Moving Pictures
Oct 11, 2012, 06:29AM

Beautifully Trivial

Ginger & Rosa's muddled storytelling.

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Why does your film matter? Why does it deserve to be made? Questions filmmakers are consistently asked—or ask themselves—in the elusive pre-production search for funding. Sometimes, filmmakers choose to set their narrative against a historical event. It’s not necessarily a bad move: it lends a degree of authenticity and air of relatability for those of who were there when that very time (and place) transpired. But it’s also a double-edged sword. If its purpose as a backdrop goes unfulfilled, it can make a film feel insignificant. Sally Potter’s Ginger & Rosa is an apt example of the trappings a historical setting can cast upon a film that really wants to tell another story.

Ginger & Rosa
, which made its American premiere Oct. 8 at the New York Film Festival after securing distribution at TIFF, follows the best-friends-since-birth growing up in 1962’s London outskirts. Rosa (Alice Englert, Jane Campion’s daughter) takes the reigns as she and Ginger (Elle Fanning) venture down back alleys, into boys’ arms and cars, and to rallies, a nod to the presumed imminent missile crisis that lingers over the film less like a black cloud and more like a superfluous gnat. What Potter truly wanted to make a film about, I gather, was the betrayal of young (platonic) love. Once Ginger’s parents, the narcissistic teacher, Rowland (Alessandro Nivola) and a beleaguered homemaker (Christina Hendricks), split up, Ginger’s father strikes up a romance with Rosa.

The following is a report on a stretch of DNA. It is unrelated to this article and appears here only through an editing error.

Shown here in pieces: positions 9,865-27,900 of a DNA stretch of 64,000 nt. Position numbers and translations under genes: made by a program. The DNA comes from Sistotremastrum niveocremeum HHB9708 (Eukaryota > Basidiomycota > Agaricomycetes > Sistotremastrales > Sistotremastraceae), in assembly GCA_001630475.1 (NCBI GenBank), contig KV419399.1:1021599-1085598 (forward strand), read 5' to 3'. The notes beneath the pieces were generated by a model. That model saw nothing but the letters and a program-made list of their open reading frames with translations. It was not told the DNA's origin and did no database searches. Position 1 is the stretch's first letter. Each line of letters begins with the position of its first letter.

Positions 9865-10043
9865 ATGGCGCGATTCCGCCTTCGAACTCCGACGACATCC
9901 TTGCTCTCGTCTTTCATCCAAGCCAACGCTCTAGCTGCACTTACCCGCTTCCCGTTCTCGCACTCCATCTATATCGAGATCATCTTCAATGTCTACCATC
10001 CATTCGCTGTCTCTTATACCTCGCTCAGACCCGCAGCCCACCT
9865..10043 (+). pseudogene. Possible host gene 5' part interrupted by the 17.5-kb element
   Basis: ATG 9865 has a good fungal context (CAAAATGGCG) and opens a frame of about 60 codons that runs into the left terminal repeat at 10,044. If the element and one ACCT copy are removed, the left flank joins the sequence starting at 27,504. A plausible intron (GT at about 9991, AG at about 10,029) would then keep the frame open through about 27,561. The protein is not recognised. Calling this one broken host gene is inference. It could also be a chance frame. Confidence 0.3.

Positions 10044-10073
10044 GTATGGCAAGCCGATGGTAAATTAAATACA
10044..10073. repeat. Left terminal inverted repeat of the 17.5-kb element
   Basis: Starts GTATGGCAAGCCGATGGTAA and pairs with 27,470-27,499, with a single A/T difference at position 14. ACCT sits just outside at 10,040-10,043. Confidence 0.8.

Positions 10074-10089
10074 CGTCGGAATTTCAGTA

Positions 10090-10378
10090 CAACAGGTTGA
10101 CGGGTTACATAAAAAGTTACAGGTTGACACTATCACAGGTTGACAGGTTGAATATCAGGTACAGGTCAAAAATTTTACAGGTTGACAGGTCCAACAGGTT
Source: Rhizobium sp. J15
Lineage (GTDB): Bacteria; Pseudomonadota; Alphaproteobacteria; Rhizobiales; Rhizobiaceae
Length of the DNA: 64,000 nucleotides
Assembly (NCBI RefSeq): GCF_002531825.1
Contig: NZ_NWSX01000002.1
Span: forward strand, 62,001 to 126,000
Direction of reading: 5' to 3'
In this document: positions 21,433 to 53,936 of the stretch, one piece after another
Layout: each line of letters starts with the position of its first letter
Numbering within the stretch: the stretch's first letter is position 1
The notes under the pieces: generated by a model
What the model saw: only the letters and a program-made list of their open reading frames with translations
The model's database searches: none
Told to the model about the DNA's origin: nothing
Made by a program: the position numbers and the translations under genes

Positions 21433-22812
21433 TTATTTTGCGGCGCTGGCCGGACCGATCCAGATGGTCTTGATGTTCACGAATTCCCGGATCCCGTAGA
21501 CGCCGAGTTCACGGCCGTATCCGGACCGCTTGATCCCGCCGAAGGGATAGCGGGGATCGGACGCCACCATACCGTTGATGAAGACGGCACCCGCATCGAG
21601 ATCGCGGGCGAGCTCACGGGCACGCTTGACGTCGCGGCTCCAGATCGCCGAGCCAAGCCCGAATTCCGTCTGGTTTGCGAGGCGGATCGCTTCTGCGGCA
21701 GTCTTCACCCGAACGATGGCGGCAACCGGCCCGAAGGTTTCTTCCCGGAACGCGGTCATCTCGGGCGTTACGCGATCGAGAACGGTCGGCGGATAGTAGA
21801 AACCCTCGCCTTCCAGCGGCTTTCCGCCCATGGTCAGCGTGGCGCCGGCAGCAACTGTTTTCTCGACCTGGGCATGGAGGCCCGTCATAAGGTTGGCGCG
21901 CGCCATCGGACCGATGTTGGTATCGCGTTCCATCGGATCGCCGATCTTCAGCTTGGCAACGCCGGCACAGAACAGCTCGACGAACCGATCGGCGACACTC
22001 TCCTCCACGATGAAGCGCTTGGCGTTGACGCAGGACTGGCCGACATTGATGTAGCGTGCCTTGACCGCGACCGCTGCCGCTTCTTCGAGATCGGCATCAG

Despite the nearly 20-year age difference, the two understand each other. They were both abandoned by a parent. They are both looking for saving. Here is Potter’s opportunity to explore the conceit between inner turmoil and the external world at large. In a potentially powerful scene, Rosa remarks that while the increasingly zealous Ginger is fighting an uphill battle to try and save the world, she’s perfectly satisfied just saving one man—Rowland. Unfortunately, the set-up is sacrificed in favor of melodrama, and the aligning of the film’s climax.

As beautiful as the film is, it suffers most from—its shoddy editing and terrible English accents notwithstanding—a neglected historical context that somehow manages to render the central conflict inconsequential. Ginger & Rosa would’ve been a much more powerful film if the love triangle was cast not against protests, but within a vacuum. Ultimately, Potter can’t decide which storyline she wants to focus on—protest or betrayal—resulting in the neglect of both.


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